Saturday, 27 July 2013

Pre-action conduct

There is an interesting document that is well worth reading before taking court action. The Pre-Action Conduct practice direction.

It covers what you should do before taking someone to court. I knew the key matters anyway - giving notice of your intentions, providing enough information to resolve the matter, giving enough time (e.g. 14 days) for a response, and so on.

It also explains that a number of specific pre-action protocols exist. The main ones I have ever been involved in - simple breach of contract or collection of a debt are not specially covered by particular protocols.

One thing I was not fully aware of, and I have to thank the letter from Huxley / SThree for pointing out, are that some form of "Alternative Dispute Resolution" should be considered (ADR). Yes, I know saying ADR is somewhat like swearing anywhere near me but this is not quite the same as the "ADR schemes" that The Communications Act insist on for communications providers.

Thankfully ADR is not compulsory. The court may require evidence that the parties considered some form of ADR. They do say "appropriate form of ADR", and so the cost of various forms of ADR are highly relevant.

They also say that ADR and the practice direction itself should not be used as a tactical device to secure and unfair advantage for one party or generate unnecessary costs.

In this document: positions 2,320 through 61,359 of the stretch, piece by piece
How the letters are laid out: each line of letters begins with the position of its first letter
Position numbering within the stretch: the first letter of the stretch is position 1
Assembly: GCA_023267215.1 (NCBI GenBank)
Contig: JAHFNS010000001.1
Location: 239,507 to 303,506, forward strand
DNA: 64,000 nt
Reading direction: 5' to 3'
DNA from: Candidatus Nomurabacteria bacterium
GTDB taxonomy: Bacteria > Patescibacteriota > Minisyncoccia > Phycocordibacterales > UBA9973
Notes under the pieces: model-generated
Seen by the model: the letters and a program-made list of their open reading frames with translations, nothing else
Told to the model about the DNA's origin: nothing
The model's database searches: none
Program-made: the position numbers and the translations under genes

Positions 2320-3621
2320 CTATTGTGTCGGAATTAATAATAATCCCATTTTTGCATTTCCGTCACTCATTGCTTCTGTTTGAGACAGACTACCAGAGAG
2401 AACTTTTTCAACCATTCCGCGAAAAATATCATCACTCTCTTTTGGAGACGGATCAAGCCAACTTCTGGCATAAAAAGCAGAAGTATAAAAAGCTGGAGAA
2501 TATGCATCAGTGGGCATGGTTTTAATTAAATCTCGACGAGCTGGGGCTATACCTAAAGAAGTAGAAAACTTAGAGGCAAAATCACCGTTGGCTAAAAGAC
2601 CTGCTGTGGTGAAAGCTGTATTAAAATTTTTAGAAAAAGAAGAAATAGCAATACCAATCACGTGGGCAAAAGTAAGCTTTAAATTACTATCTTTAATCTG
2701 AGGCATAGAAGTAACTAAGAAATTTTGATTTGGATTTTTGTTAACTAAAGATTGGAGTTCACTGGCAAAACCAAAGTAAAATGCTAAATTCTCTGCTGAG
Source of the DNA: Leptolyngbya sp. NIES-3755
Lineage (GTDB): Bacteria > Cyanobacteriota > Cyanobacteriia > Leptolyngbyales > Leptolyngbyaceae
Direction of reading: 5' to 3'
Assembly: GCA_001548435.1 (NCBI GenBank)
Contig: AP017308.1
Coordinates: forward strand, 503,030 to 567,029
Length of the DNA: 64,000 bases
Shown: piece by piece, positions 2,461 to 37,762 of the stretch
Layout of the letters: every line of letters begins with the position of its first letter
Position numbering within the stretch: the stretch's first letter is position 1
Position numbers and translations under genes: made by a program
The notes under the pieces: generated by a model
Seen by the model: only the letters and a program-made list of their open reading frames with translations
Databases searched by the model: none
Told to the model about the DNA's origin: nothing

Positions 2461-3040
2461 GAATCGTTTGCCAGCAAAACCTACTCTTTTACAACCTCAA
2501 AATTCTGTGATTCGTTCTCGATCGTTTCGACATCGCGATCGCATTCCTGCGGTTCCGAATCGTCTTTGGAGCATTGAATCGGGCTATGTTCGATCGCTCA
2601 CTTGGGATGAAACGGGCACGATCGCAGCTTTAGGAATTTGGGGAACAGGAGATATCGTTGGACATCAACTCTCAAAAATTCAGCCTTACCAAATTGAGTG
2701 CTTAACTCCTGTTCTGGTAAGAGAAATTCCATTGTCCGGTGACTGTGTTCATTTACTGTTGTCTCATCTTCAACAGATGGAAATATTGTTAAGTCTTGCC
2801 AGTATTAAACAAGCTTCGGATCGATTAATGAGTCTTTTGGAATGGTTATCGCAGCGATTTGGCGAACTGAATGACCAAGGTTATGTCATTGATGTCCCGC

The types of ADR include, at one end of the spectrum "discussion and negotiation", and then go on to mediation, evaluation by an independent body, and arbitration. Pretty much anything apart from "discussion and negotiation" would, as I understand it, cost a lot more than using the court and so be "unnecessary costs", if the claim is for a small amount.

The main thing seems to be that some form of ADR was considered - so always worth - at least - suggesting that ADR by means of discussion and negotiation is offered. At least then you can tell the court you tried.

So, it seems I give them a few more days for "discussion and negotiation" to break down and then take them to court for breach of contract (assuming they are as intransigent as they seem to have been all along).

If I lose the case for breach of contract, at least I can then continue with the case for spam. Their defence to that was quite long, but the good news, due to a quirk of the way we have clueless set up, is that I personally have been paying (albeit 1p per full moon) for email on and domains for many years making me the "individual subscriber" for those domains. I, personally, as the recipient for those emails, did not give consent for them to spam me. That should mean we still have a good case on the spam case if ever it goes to court.

P.S. I have just written a few follow up emails to spammers as well as Huxley/Sthree quoting pre-action conduct practice directions and it makes one feel very empowered that one is following the processes. I have invited spammers, including Deane Computer Solutions Limited, to consider discussion and negotiation as ADR before I take county court action.

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